13 comments posted · 15 followers · following 0

11 years ago @ Original A... - The Bloodlust of Walte... · 1 reply · +2 points

There is also a Jewish community of around 28,000 in Iran according to this article: which is interesting in its own right. They are protected under the Iranian constitution and have one seat in the Iranian parliament. Compare this with the situation in Saudi Arabia where according to Wikipedia: "There is virtually no Jewish activity in Saudi Arabia in the beginning of the 21st century. Jewish (as well as Christian and other non-Muslim) religious services are prohibited from being held on Saudi Arabian soil".

12 years ago @ News From - Officials: Britain Mul... · 0 replies · +8 points

That's our stupid and arrogant leaders including the so called 'loyal opposition' who're "cruisin' for a brusin'". Unfortunately it's the rest of us who'll get it.

12 years ago @ Original A... - We Interrupt This Colu... · 0 replies · 0 points

Antiwar is a good daily round up of news and I look at it regularly together with other sources such as Democracy Now, RT, Press TV and Alex Jones, for their different perspectives. I don't think we can dispute that Antiwar has value; it's a question of increasing that value. What I get from Justin saying that Antiwar is losing support is that it is losing appeal, for whatever reason, if so then there is a case for reviewing the product.

12 years ago @ Original A... - We Interrupt This Colu... · 1 reply · +4 points

I agree with most of what Gerry says nevertheless I've made a small contribution because of the value this site still has for me, even if that value is largely one of familiarity. I have noticed little on this site that challenges the narrative that Gaddafi was completely rotten and while I am agnostic about 9/11 acknowledgement that there are reasons to be sceptical about the official story is important. Justin rightly points to the longevity of Antiwar but there are now a large number of sites that are alternatives to the msm. Antiwar is an iconic brand and could perhaps better use that status; I propose that Justin initiates a discussion on how that can be done.

12 years ago @ Original A... - Heroes and Villains · 0 replies · +14 points

I agree with Chris Hayes and with Justin that the use of the term 'heroes' for soldiers engaged in an unjust war is inappropriate. The term 'hero' denotes someone who has made a choice to do something of moral worth despite considerable difficulty or danger. Calling the soldiers 'heroes' clearly implies and is intended to imply that that the NATO occupation has moral worth. As to 'villains' , there are undoubtedly many of these in their ranks but most soldiers are, perhaps, victims of the corruption of their leaders and the ignorance and apathy of their fellow citizens.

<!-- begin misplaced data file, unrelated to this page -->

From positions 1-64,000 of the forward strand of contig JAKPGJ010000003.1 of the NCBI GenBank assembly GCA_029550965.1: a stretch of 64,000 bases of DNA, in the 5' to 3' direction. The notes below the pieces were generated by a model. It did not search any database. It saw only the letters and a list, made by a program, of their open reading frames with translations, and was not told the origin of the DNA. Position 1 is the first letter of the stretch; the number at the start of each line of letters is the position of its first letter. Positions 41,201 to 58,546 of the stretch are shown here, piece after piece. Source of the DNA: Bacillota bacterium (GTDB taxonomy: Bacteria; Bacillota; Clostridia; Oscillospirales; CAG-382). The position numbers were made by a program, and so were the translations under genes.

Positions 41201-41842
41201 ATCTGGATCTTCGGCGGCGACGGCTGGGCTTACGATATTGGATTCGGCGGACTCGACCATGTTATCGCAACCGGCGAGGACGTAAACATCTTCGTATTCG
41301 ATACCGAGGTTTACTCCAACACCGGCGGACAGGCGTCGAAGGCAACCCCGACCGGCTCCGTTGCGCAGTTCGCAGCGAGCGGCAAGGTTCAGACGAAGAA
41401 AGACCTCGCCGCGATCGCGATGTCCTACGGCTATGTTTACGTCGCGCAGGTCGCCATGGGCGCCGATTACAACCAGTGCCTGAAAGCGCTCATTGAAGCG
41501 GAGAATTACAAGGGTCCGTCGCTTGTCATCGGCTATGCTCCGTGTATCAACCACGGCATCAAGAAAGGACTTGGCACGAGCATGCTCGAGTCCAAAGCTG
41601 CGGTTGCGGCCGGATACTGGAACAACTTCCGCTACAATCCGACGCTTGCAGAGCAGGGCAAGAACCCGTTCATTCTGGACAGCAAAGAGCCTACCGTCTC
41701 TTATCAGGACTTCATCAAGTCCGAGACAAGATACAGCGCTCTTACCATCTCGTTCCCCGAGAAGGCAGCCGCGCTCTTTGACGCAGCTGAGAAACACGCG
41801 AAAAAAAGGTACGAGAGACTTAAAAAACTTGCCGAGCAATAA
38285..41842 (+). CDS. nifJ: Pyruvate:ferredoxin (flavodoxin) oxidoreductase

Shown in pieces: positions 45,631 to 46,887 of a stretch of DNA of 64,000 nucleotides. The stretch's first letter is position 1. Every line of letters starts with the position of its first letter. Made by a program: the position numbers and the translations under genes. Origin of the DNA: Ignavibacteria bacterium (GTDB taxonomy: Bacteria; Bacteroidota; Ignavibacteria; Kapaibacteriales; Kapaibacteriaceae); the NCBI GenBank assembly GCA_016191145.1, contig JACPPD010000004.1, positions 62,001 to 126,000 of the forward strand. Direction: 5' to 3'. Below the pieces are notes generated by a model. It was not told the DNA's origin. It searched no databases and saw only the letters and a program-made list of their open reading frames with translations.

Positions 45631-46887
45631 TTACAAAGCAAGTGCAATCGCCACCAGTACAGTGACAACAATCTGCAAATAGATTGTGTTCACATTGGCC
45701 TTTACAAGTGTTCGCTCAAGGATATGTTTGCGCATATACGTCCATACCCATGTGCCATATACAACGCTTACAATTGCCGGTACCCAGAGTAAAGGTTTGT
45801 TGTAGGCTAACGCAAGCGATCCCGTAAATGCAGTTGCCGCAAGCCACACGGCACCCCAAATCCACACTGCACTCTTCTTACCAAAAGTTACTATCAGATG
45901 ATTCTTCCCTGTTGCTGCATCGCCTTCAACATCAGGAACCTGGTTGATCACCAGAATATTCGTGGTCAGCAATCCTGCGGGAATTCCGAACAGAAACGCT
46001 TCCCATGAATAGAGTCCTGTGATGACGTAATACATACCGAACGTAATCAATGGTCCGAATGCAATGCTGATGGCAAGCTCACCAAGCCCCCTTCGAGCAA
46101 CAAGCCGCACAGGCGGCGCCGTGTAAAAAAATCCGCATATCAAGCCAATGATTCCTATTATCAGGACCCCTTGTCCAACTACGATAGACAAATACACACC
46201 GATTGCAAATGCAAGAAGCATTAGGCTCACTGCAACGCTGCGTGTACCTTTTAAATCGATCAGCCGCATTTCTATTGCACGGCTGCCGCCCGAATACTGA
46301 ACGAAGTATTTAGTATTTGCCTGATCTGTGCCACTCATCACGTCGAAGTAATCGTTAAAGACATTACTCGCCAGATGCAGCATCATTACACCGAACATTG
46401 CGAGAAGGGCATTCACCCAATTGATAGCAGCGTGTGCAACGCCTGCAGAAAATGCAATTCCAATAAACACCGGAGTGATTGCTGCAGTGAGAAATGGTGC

12 years ago @ Original A... - What Now? · 1 reply · +1 points

I wasn't talking about 'coddling from cradle to grave' what I'm saying is that, in common with most countries, the US has a status quo where politicians at state and national level are effectively owned by an oligarchy who buy favours. I'm not hearing how Paul would change that. There seems to be a more complete and definitely more participative dialogue coming out of OWS. The fact that 'other swine' look worse than Paul might be a clue that it's time to look beyond the pig sty.

12 years ago @ Original A... - What Now? · 3 replies · -4 points

Webster Tarpley gives a devastating critique of Ron Paul's program here: Even if you don't agree with Tarpley it's worth looking in detail at the possible consequences of what RP proposes. Additionally Paul's libertarianism would most likely result in less liberty for individuals since his belief in states rights and unrestricted capitalism would give greater power to illiberal states and exploitative corporations. Paul does not emphasise the obligation of the state to protect the liberty of its citizens as opposed to staying out of their way under the assumption that they will be able to cope with already massively empowered predators. Ron Paul's anti-war stance is no more than common sense

12 years ago @ Original A... - Iraq in Retrospect · 0 replies · +4 points

Nobody like being invaded by a foreign power even one that does some good but the answer to the question 'What have the Americans ever done for us" is exactly the opposite of the answer to "what have the Romans ever done for us" .. at least as given here:

12 years ago @ News From - US to Announce New San... · 0 replies · +1 points

The subtitle of this article is "IAEA Resolution Calls on Iran to Address 'Increasing Concern'", what does that mean? Is there a list of questions that Iran needs to answer to address this concern? What are the assertions that are being made by the IAEA and how can these be verified/falsified? I would be grateful if someone could point me in the right direction.

12 years ago @ News From - US Moves to Overturn B... · 0 replies · +3 points

The US, Britain and Israel an Axis of Evil? It looks that way. The evidence of moral depravity appears overwhelming but the majority decent people in these countries and their allies seem unaware or unconcerned.

The phrase the 'banality of evil' comes to mind:

And also the quote "All that is necessary for the triumph of evil is that good men do nothing" see:

I'm not sure what sanctions can be imposed against the troika, in any case that is their tool, but there is a need for all of us to conscientise ourselves our families and friends so that we remove the moral sanction from our leadership and eventually remove that leadership.